Does the thought of using technology in your presentation fill you with fear? How do you really plug a laptop into a projector? We asked Radio Presenter and Lecturer about the role of technology in public speaking.
Tell us a bit about yourself…
I present a technology programme on BBC World Service called Digital Planet. I also lecture in Science Communication at Imperial College, London. I suppose you could say, two very different forms of public speaking.
How do they differ?
Communication is the heart of everything. One is a face-to-face form, when I’m lecturing, and then the other is presenting on the radio. I suppose one of the virtues of doing radio is that you can’t see your audience, and perhaps you get a bit less nervous.
In terms of speaking to live audiences, it is definitely different. But then I suppose it’s nice to have people to talk to in a face-to-face context as well.
What kind of role does technology play whilst delivering a talk?
Technology should always be the secondary factor in communicating and giving presentations. What’s most important is having a message, and then finding an engaging, entertaining and informative way of putting it across.
If you rely on technology too much and something goes wrong, you’re in trouble. Technology is brilliant but it should be something that follows you, rather than you following it.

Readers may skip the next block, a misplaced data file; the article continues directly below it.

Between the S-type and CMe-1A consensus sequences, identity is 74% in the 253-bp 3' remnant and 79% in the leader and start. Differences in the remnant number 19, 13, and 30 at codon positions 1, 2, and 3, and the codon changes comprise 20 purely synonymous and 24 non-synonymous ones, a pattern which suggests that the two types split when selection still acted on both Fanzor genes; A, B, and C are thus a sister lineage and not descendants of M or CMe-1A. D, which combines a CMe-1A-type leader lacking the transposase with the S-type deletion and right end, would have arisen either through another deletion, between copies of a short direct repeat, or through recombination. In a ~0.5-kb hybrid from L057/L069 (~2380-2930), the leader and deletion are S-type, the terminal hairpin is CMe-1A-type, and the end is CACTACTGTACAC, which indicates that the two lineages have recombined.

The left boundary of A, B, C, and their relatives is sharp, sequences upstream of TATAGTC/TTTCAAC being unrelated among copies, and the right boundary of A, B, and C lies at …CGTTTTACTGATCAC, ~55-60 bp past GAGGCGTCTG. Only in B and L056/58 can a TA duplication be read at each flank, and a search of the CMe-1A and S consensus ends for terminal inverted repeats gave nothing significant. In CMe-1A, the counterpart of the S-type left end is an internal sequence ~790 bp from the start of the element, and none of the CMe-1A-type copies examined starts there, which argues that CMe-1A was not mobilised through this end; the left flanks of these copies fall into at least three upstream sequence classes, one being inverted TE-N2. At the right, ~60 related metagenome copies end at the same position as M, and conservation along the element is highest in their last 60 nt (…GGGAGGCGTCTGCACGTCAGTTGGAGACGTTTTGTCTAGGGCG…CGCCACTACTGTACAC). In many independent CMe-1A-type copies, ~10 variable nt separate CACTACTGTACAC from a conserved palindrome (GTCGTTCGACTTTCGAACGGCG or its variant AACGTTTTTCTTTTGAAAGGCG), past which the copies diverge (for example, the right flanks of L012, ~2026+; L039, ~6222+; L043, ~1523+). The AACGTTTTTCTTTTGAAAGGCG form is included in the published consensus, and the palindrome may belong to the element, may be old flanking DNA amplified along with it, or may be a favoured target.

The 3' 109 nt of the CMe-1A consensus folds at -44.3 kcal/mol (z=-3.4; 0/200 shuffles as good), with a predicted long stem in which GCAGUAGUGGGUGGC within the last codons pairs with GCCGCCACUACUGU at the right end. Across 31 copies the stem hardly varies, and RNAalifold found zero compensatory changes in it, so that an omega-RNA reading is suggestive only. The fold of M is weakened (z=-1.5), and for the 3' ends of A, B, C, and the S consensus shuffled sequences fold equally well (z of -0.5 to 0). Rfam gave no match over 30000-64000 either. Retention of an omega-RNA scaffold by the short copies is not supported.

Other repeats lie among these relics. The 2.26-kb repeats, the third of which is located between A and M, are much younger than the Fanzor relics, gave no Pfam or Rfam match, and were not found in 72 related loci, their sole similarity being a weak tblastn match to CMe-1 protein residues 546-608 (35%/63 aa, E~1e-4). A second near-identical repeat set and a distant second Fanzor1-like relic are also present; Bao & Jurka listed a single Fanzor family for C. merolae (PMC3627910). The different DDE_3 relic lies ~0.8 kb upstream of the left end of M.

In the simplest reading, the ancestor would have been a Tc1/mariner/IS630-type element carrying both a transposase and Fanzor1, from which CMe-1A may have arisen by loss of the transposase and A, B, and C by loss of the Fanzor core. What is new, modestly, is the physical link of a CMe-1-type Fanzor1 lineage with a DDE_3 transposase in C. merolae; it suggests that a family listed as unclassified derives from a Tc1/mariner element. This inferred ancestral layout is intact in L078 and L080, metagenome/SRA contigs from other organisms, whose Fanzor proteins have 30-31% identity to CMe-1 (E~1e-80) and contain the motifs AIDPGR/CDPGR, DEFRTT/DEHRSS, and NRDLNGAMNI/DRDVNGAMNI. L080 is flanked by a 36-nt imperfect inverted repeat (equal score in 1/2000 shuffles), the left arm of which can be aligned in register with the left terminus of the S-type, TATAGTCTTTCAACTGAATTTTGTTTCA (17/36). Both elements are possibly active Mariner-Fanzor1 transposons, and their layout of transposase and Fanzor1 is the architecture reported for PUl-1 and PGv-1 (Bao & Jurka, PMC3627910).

Do you have any PowerPoint tips?
I think it’s really important to know your slides inside out. But don’t use too many slides. Try to use images as they can work much better than fifteen tedious bullet points. Don’t stick loads of text on it.
Stick to clear and simple messages using a minimum of words. Also try and make it multimedia – have bits of audio as well as video.
Are there any technological pitfalls to consider during a presentation?
Your computer could crash so have a backup plan. Be prepared to do the whole presentation without any slides. Make sure you plug your computer into the mains, because I have seen batteries run out when doing presentations.
Don’t forget to turn the screensaver off on your computer. Make sure the computer doesn’t go into sleep mode. Turn MSN Messenger off and if you’ve set up your email on Outlook, beware of a little banner that pops up at the bottom of the screen alerting you to a new e-mail – the last thing you want during a presentation is an email from your Mum popping up!
Who do you admire as a current speaker?
It has to be Barack Obama’s acceptance speech during the election. He didn’t use a PowerPoint; he just stood at the podium and talked. Other people I admire: Peter Cochrane who ran the BT research labs, Vint Cerf – ‘the father of the Internet’, Steve Jobs of Apple, Steve Ballmer of Microsoft, and Steve Jones – the famous geneticist.
Top Tips on Technology:
- Don’t be led by technology.
- Use multimedia.
- Get the basics right – remember to plug in!
By The Speaker http://www.bbc.co.uk/speaker/
Interview with Gareth Mitchell